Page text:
Mermentau acreage declined last year and had a second consecutive year of variable results, which may lead to a further acreage drop-off. Taggart remains a reliable option with a good disease package but continues to be planted on only a limited number of acres.

Several Clearfield long-grain cultivars continue to perform similarly each year, including RiceTec CL XL729, RiceTec CL XL745 and CL151. CL111 has not had the same success, but its early maturity continues to work well for many growers.

CL163 appears to have potential in only two years of evaluation and at a number of locations performed similarly to CL151. Another Clearfield line available this year is CL172. It has a good disease package and standability but will need further evaluation.

Medium-grain cultivars Jupiter and Caffey have performed extremely well, and Jupiter continues to dominate medium-grain acreage. CL271 is a Clearfield line that shows promise for medium-grain growers who would benefit from the herbicide technology. However, it will be phased out after this year.

Newly released M-209 looks promising 

Dr. Bruce Linquistss-linquist
UCCE Rice Specialist

In California, most farmers grow medium-grain varieties. The commercially available medium Calrose rice varieties have been selected to meet the high quality and yield standards for California.
In fact in 2015, California Calrose varieties were named best in the world in terms of flavor and texture at the seventh annual World Rice Conference in Kuala Lumpur, Malaysia. Varietal selection is one of the first and most important decisions a rice grower will need to make each year.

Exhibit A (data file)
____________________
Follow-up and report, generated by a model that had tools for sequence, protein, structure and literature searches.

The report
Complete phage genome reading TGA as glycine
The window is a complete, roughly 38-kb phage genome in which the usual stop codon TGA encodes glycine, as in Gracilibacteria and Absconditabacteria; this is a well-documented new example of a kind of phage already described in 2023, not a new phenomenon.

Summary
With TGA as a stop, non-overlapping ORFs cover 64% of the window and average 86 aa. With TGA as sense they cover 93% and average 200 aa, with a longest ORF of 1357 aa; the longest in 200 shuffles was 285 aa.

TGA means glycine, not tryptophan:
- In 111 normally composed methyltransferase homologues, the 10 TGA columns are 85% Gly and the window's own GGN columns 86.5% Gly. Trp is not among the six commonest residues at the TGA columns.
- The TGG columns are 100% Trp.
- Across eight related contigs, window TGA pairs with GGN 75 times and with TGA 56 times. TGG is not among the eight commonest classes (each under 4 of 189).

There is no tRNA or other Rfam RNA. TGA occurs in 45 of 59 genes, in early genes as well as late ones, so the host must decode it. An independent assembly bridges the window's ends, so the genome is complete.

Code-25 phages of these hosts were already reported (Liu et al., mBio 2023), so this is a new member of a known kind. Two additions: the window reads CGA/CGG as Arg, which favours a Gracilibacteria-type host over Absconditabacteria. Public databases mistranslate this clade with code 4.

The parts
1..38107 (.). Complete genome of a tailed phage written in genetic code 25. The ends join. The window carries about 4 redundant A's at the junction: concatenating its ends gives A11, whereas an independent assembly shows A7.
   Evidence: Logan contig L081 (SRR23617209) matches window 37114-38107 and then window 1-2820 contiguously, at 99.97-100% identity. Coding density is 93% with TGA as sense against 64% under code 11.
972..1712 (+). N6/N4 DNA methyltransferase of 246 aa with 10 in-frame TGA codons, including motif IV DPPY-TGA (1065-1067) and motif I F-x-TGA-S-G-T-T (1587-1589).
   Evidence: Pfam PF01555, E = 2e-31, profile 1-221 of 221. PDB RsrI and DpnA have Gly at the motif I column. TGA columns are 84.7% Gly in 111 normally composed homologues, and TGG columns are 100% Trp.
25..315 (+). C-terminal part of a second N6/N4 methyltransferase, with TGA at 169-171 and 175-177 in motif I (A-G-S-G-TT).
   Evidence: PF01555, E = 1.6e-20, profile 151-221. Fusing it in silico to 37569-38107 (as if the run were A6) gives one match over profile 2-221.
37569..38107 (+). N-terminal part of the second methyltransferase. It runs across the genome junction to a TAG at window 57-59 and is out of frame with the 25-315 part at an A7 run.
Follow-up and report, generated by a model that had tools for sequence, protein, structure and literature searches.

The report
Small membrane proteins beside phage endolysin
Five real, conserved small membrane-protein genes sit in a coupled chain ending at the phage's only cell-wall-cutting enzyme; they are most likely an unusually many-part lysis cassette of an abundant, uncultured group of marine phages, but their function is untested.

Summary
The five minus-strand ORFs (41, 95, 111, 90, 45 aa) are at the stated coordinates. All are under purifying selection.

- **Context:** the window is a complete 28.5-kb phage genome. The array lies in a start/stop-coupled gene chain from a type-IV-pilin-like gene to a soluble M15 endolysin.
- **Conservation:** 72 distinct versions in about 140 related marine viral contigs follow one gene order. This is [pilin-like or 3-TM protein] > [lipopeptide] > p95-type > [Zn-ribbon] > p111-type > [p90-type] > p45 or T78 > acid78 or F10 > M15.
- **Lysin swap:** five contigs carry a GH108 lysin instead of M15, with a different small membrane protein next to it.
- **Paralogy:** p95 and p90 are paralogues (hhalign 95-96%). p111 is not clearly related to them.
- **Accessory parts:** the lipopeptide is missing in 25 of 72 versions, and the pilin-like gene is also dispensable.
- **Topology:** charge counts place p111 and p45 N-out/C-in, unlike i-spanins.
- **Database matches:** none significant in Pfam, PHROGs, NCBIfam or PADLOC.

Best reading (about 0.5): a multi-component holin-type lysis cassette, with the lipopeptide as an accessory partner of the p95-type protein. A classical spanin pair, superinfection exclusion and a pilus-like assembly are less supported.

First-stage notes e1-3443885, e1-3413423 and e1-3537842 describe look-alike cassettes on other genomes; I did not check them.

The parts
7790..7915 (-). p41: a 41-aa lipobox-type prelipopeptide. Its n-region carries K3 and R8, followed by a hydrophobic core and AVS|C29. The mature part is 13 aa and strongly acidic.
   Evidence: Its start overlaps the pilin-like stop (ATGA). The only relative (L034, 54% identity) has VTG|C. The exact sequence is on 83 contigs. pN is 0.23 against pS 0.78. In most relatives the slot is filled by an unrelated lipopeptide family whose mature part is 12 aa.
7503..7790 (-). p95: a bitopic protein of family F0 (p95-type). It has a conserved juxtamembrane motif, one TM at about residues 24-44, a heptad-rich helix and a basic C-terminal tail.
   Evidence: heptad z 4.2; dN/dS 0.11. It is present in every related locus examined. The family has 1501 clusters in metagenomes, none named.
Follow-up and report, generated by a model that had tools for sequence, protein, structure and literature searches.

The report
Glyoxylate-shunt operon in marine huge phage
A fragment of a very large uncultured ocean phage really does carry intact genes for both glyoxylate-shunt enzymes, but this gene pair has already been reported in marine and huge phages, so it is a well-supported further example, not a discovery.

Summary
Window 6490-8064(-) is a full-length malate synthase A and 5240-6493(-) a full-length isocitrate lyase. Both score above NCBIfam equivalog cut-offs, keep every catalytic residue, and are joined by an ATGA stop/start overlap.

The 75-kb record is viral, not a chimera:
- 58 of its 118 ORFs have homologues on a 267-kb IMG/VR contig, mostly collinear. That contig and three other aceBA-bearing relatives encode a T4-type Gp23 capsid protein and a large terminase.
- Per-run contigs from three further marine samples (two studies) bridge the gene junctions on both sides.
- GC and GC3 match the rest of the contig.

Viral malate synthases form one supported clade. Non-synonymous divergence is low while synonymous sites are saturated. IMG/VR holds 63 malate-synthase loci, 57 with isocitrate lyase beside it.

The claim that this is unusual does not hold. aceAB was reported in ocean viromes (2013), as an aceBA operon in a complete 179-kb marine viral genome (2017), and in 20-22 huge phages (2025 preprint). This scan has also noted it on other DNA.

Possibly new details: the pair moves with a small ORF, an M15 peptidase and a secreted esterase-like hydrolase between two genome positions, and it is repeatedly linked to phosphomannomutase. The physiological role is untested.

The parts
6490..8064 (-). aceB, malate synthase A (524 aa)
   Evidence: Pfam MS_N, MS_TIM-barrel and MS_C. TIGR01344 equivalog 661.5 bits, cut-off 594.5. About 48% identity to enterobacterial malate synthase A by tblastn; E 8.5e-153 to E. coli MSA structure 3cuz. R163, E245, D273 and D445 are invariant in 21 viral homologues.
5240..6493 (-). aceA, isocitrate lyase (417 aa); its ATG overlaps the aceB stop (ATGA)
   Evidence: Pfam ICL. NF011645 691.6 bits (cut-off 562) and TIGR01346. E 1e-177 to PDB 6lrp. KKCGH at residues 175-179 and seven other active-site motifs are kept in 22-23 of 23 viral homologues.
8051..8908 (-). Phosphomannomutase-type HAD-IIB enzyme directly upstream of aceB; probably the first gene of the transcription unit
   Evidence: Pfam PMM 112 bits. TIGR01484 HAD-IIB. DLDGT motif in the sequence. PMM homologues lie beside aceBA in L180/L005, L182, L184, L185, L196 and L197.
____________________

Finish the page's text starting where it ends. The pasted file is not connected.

In making a decision, first consider the maturity class that fits your farming operations and climatic zone. There are three maturity classes: Very early (e.g. M-104, M-105); early (e.g. M-202, M-205, M-206, M-208, M-209); and late maturing (e.g. M-401, M-402 – both premium medium-grains).

Very early varieties (and M-206) are commonly grown in cooler areas and used for late plantings. Cooler areas are those south of Highway 20 and that include the Sacramento Delta region — perhaps the coolest area where rice is grown.

Late-maturing varieties fit early planting schedules and are best for warmer areas. Early varieties are grown on the largest amount of acreage. M-202 foundation seed production ended in 2014, thus the principle Calrose-type medium-grain varieties are M-205, M-206 and M-209.